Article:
How to deal with several markers in the same location on a map, e.g. to let viewers know they're there, and regarding tooltips with different info
This isn't your exact technology, but you might want to look through the code for some of Leaflet's Clustering/Decluttering plugins. If I recall, we use the Leaflet.markercluster plugin in our stuff. It looks kinda like this.. enter image description here Then, if you click on one of the clustering icons (I chose a VERY busy one for example), notice how it offsets the individual icons that would otherwise be overlapping using a spiral sequence? I'm pretty sure they just take the icon's original coordinates (that is, screen or div coordinates) then ad [...]

Simple Asset Web Map Service
I recommend you consider Leaflet or OpenLayers ..personally, I prefer Leaflet. If you don't have "that many" location points, I'd just convert them into a JSON file or a GeoJSON file and load them all on $(document).ready(). When I say "that many", obviously that threshold is subjective. I consider it to be around 2000 points/features. [...]

Why the replace function in PostgreSQL is not returning the value?
OP based on your image, your replace() function is trying to match something like.. Puerto Rico ..which is the value in the database, with.. (Puerto Rico) ..which is the value you're telling it to match in the second argument of your replace() function. Remove the ( and the ) from the second argument in your [...]

How to order points along a line?
If using PostGIS, you can order the bus stops according to their value returned for an ST_Line_Locate_point() call.
This is how it looks if I apply it to the linestring and points you supplied:
  ST_Line_Locate_Point(line.f1, ST_GeomFromText('POINT(-70.58176091969386334 -33.37599871220383818)')) as A,
  ST_Line_Locate_Point(line.f1, ST_GeomFromText('POINT(-70.58081166577235877 -33.37588970535671251)')) as B,
  ST_Line_Locate_Point(line.f1, ST_GeomFromText('POINT(-70.57890070625846 [...]

Ubuntu: Updating Mapnik from 2.2.0 to 3.x, complications?
I remembered I had a tiny Rackspace instance that I setup once upon a time to test code portability. It has a nearly identical version of our webstack, particularly the Ubuntu and Mapnik versions, so it made a reasonable test bed to experiment with moving from 2.2.x to 3.x. In a nutshell, this was a complicated transition that involved sincere troubleshooting, research, stack resets, some code modifications to XML stylesheets, and although I got things working again, my confidence is a little weak. Were this a production system, downtime would have been considerable. [...]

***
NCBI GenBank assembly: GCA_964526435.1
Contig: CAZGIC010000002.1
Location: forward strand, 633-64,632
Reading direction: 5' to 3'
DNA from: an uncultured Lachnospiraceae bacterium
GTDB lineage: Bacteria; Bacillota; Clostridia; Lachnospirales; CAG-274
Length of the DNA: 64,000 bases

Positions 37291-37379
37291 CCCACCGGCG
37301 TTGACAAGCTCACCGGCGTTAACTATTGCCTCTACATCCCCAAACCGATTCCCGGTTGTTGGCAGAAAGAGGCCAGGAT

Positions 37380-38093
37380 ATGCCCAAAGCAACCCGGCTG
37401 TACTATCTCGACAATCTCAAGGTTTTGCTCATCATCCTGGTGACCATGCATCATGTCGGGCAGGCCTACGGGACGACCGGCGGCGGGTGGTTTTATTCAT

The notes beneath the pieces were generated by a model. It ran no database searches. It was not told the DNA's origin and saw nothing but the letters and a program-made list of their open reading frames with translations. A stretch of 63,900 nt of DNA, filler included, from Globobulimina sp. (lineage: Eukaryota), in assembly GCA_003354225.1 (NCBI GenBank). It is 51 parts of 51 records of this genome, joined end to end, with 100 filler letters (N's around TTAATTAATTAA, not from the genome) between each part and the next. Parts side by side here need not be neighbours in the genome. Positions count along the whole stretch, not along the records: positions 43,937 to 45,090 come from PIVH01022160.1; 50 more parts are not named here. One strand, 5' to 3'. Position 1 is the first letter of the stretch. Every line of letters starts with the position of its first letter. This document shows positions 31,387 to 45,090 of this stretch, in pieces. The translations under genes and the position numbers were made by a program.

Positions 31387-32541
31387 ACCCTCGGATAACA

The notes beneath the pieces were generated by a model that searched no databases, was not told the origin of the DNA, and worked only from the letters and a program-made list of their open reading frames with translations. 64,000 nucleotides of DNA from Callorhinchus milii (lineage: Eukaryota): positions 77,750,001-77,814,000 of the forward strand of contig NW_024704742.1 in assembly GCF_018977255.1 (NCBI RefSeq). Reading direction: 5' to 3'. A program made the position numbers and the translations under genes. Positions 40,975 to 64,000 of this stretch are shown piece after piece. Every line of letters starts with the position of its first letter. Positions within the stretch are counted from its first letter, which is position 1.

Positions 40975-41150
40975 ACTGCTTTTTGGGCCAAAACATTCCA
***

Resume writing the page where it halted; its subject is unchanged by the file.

Renderd outputs "failed to initialize projection 4326"
Your issue may have something to do with projection definitions defined in the stylesheet using XML entities. I stumbled across your question while troubleshooting a cascade of issues encountered in an attempt to upgrade from Mapnik 2.2 to 3.x, as inquired upon here. Anyway in my quest, I eventually got Apache errors like this: [...]

Density Mapping with mapnik
Way late to the party here, but if I were in your situation, I'd create a new table in the database and write a script to iterate over your existing points, and for each point, create N representative records corresponding to your total_count property for that parent-record. If you want to take it a small step farther, for each child-record, I'd offset its lat/lon values a statistically-insignificant distance on both lat and lon so any software that touches it (i.e. Mapnik, etc.) will see a truly unique point. I'm not sure how granular or "zoomed-in" your spatial data i [...]

Citing QGIS in formal publications
Start here: https://qgis.org/en/site/getinvolved/faq/index.html#how-to-cite-qgis
Q: How to cite QGIS? A: To cite QGIS software in your piece of work, for work or an assignment, this general citation might be helpful: "QGIS Development Team (YEAR). QGIS Geographic Information System. Open Source Geospatial Foundation Project. [...]